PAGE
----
Ancient Monuments

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St Boniface's Church, church and hog-backed stone, Papa Westray

A Scheduled Monument in North Isles, Orkney Islands

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Latitude: 59.3575 / 59°21'27"N

Longitude: -2.902 / 2°54'7"W

OS Eastings: 348817

OS Northings: 1052705

OS Grid: HY488527

Mapcode National: GBR M460.1BK

Mapcode Global: XH8K9.J225

Entry Name: St Boniface's Church, church and hog-backed stone, Papa Westray

Scheduled Date: 6 October 1959

Last Amended: 20 November 2014

Source: Historic Environment Scotland

Source ID: SM1484

Schedule Class: Cultural

Category: Crosses and carved stones: tombstone; Ecclesiastical: church

Location: Papa Westray

County: Orkney Islands

Electoral Ward: North Isles

Traditional County: Orkney


The monument comprises the below-ground remains of St Boniface's Church, part of the surrounding burial ground, and a hog-backed tombstone. The upstanding church originally dates from the 12th century, but was remodelled in the 17th century and restored in 1993; it remains in occasional use and is a listed building. The area beneath and around the upstanding church is likely to contain buried archaeological remains relating to the various building phases and there is high potential for the presence of structures and other evidence relating to an earlier chapel or ecclesiastical site. There are also likely to be burials and gravemarkers spanning a considerable time-depth in the area around the church. The hog-backed stone is situated immediately to the E of the church. It is carved from red sandstone and measures approximately 1.5m long by 0.4m wide and is aligned E-W. Three rows of characteristic 'shingle' pattern are carved into the sloping sides of the stone. The monument is situated on the W coast of Papa Westray, overlooking Papa Sound, at around 5m above sea level. The monument was originally scheduled in 1959, but the documentation did not meet modern standards: the present amendment rectifies this.

The scheduled area is rectangular on plan, extending to 5m beyond the exterior walls of the church, except on the E side where it extends to approximately 10m beyond the church, to include the hog-backed stone. The scheduling includes the remains described above and an area around them within which evidence relating to the monument's construction, use and abandonment is expected to survive, as shown in red on the accompanying map. The scheduling specifically excludes all parts of the present church building, extending down to the base of the floor slabs, and all fittings and fixtures within the church. The scheduling also excludes all burial lairs where rights of burial still exist and the above-ground elements of all burial monuments of 19th-century or later date.

Source: Historic Environment Scotland

Statement of Scheduling

The monument is of national importance because of its potential to make a significant addition to our understanding of the past, in particular the development of Christianity, and the establishment and evolution of parishes in Orkney. There is very high potential for the survival of important archaeological deposits and structural foundations beneath and around the existing church, relating to the late Norse church and probably an earlier ecclesiastical site or chapel. There is also potential for the survival of burials and gravemarkers or carved stones spanning a considerable period of time. Overall the site has the potential to add to our understanding of the development of places of worship, church architecture and burial practice, as well as Norse influence in Orkney. The significance of the site is enhanced by its close proximity and strong associations with Munkerhoose, the impressive prehistoric and later settlement remains surrounding the burial ground to the N and W. The loss of this monument would impede our ability to understand the origins and development of Christianity and places of worship during the Pictish and Norse periods in Orkney.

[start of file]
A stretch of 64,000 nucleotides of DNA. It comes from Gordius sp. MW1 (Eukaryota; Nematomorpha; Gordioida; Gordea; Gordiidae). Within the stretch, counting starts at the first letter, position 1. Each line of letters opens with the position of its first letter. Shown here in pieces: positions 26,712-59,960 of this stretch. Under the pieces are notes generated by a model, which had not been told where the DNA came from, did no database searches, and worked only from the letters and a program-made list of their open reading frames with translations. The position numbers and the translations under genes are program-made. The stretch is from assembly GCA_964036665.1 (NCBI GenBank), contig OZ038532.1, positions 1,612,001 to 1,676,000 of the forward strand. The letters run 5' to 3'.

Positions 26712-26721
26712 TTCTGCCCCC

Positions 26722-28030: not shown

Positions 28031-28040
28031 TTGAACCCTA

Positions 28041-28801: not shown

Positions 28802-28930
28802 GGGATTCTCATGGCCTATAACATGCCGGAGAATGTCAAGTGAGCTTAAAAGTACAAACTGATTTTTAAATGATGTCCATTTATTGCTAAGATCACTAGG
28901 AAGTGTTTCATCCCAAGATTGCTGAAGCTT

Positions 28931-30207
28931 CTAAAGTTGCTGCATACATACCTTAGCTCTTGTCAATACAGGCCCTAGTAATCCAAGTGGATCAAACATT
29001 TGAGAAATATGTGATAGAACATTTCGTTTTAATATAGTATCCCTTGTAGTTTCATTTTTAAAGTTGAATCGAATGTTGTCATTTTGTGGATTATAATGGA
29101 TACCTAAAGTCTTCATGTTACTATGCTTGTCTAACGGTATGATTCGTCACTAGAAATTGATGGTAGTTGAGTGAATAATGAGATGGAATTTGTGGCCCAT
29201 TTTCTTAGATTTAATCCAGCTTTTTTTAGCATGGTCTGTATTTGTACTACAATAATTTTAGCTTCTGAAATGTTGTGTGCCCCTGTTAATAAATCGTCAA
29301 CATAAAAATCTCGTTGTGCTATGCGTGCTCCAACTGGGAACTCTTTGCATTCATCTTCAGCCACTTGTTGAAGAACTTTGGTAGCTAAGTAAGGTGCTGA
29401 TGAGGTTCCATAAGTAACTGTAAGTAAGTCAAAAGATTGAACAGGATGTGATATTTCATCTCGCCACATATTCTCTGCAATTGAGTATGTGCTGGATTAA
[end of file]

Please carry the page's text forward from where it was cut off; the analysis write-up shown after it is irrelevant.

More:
Source: Historic Environment Scotland



RCAHMS records the site as HY45SE 17 and HY45SE 17.1.

The adjacent and related settlement of Munkerhoose is scheduled separately as SM 1466.


Fisher, I 2002, 'Crosses in the ocean: some papar sites and their sculpture', in Crawford, B E The Papar in the North Atlantic: environment and history, St Andrews, 49.

Gibson, J 2008, Rising tides: the loss of coastal heritage in Orkney, Orkney College, 70-2.

Kirkness, W 1921, 'Notes on the discovery of a coped monument and incised cross-slab at the graveyard, St Boniface Church, Papa Westray, Orkney', Proc Soc Antiq Scot 55, 131-4.

Lang, J T 1974, 'Hogback monuments in Scotland', Proc Soc Antiq Scot 105, 230.

Lowe, C 1998, St Boniface Church, Orkney, Coastal Erosion and Archaeological Assessment.

Moore, H and Wilson, G 1998, 'Orkney Coastal Survey 1998, Westray, Papa Westray, Mainland', Discovery Excav Scot, 69.

RCAHMS 1946, The Royal Commission on the Ancient and Historical Monuments of Scotland. Twelfth report with an inventory of the ancient monuments of Orkney and Shetland, 3v Edinburgh, 179-80, no 518-20.

RCAHMS 1984, The Royal Commission on the Ancient and Historical Monuments of Scotland. The archaeological sites and monuments of Papa Westray and Westray, Orkney Islands Area, The archaeological sites and monuments of Scotland series no 19 Edinburgh, 18-19, no 29.

Radford, C A R 1962, 'Art and architecture; Celtic and Norse' in Wainwright, F T 1962, The Northern Isles, Edinburgh and London, 169.

Rendall, J 2002, 'St Boniface and the mission to the Northern Isles: a view from Papa Westray' in Crawford, B E 2002, The Papar in the North Atlantic: environment and history, St Andrews, 31-37.

Ritchie, A 1996, Orkney, 'Exploring Scotland's Heritage' series, Edinburgh, 38, 98, 107-8.

Source: Historic Environment Scotland

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